Joff Wild

Yesterday the Kodak share price went through the floor on the news that the company had unexpectedly drawn down $160 million worth of credit. The stock closed at a 37-year low, with the company valued at less than $500 million. For those of us who do not work in the world of finance, that is a puzzling amount given that there is talk that the portfolio of patents the company is offering for sale could fetch up to $3 billion. In the past, the gap between relatively low net book values and relatively high market capitalisations has been explained away by the ownership of IP and other intangibles. It may not be the soundest of theories, but it can only work at all if the net book value is lower than the market cap; in Kodak’s case it looks like the opposite may apply.

I use the word “may” advisedly. While talk of a $3 billion patent portfolio generates headlines and could attract interest from potential buyers wanting to know what all the fuss is about, that does not actually mean that such a price is realistic. On this blog, Art Monk of UBM TechInsights has already questioned the value of what is on offer. At the end of comments on Google’s Motorola Mobility purchase he stated: “Next up appears to be Kodak … but they aren’t anywhere on the ETSI [European Telecommunications Standards Institute] list so don’t expect high valuations in the wireless space.” Now IP consultants M-CAM (whose chairman David Martin catchily described the patents involved in Google’s Motorola acquisition as “crap”) have released the results of research that, they claim, raises significant doubts as to that $3 billion valuation figure.

In Kodak: Is a picture really worth $3 billion?, M-CAM puts the Kodak portfolio under the microscope to assess “the strength and transferability of each patent”. The conclusion is that 31% of what is on offer is impaired in some way. “This should be taken as a potential red flag in the market for these properties. Prospective buyers need to have much greater clarity into the quality and enforceability of the portfolio before settling on a final transaction price,” the report states. After looking at the patents that Kodak is currently enforcing against Apple and concluding that these may be problematical too, the report ends by stating:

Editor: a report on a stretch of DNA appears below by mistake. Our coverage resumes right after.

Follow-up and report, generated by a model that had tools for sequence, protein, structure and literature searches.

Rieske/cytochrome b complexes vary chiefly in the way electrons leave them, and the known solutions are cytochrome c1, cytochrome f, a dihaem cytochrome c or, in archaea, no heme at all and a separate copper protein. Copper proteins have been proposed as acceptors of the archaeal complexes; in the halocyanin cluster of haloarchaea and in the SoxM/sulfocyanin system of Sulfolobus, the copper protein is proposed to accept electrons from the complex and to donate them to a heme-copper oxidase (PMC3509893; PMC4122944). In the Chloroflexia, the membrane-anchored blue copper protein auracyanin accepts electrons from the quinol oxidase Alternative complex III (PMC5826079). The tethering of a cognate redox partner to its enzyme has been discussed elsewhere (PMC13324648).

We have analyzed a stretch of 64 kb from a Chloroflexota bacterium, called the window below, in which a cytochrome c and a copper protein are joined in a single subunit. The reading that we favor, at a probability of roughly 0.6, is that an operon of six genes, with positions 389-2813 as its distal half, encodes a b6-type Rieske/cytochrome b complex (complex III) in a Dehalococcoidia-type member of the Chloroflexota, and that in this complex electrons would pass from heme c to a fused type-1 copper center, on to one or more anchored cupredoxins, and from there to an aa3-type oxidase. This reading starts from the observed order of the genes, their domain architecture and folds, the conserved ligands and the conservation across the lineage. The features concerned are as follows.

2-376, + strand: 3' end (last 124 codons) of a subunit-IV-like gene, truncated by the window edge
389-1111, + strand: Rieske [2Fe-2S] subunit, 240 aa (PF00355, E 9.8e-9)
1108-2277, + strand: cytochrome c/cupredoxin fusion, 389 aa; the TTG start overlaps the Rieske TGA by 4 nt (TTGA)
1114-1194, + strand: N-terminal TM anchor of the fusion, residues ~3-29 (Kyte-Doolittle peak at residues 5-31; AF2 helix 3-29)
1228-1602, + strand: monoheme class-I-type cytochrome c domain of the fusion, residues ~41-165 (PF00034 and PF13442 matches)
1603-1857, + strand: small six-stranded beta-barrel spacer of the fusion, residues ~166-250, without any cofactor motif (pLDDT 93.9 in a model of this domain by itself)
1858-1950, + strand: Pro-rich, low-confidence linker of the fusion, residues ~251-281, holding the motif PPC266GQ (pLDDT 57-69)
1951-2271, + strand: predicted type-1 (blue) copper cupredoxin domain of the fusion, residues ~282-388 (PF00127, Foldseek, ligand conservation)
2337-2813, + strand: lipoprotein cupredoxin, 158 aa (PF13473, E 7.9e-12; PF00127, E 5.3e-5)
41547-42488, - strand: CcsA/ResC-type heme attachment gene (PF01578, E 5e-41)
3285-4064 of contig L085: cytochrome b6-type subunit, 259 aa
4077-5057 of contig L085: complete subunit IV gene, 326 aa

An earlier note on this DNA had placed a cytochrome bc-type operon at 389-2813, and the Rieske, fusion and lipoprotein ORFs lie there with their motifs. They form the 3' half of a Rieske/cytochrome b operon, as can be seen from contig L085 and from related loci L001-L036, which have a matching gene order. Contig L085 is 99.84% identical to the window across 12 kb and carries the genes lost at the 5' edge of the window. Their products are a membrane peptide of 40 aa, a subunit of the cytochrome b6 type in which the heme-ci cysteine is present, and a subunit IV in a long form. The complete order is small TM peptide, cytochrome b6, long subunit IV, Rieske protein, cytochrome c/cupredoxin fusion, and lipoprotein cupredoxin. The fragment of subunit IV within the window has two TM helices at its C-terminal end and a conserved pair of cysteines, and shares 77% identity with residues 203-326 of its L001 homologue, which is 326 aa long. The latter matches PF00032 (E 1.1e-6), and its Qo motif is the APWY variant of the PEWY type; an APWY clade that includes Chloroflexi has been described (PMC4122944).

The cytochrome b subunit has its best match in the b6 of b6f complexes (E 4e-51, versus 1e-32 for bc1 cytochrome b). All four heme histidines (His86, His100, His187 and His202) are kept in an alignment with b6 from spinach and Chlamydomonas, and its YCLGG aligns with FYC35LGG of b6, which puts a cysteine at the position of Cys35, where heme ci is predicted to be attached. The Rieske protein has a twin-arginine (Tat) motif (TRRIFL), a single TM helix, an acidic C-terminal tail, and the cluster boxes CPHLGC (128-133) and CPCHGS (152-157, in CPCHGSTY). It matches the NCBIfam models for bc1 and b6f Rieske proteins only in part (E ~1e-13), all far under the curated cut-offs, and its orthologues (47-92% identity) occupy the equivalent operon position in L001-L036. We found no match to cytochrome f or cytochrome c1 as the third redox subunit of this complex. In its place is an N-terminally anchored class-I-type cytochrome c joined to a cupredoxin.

… significant quality considerations have been identified in Kodak’s digital imaging patent portfolio. Any prospective bidder or financier would need to secure far greater specificity and clarity around the commercial options derived from the portfolio prior to estimating appropriate value and its associated cost of enforcement. The common bidding price being circulated for Kodak’s digital imaging patents is currently $3 billion for over 1,000 patents, 31% of which have impairment issues. The cost of procuring patents of dubious quality will be an ongoing and potentially unnecessary liability to any bidding company and its shareholders. In addition, the patents that Kodak is asserting against Apple and others – to generate cash flow – were all found to have substantial weaknesses. Recent patent acquisition activity in the tech sector by Google and others have resulted in multi billion dollar transactions that have lacked clarity as to patent quality and enforceability. To potential bidders for Kodak’s digital imaging portfolio, we repeat – “Caveat Emptor.”

Now, I do not know whether M-CAM has called this correctly, but what I do know is that if potential buyers of the portfolio end up agreeing, the price they are willing to pay is unlikely to be close to $3 billion. Should that turn out to be the case, then I dread to think what will happen to Kodak stock, with all the implications that will have for the future of the company.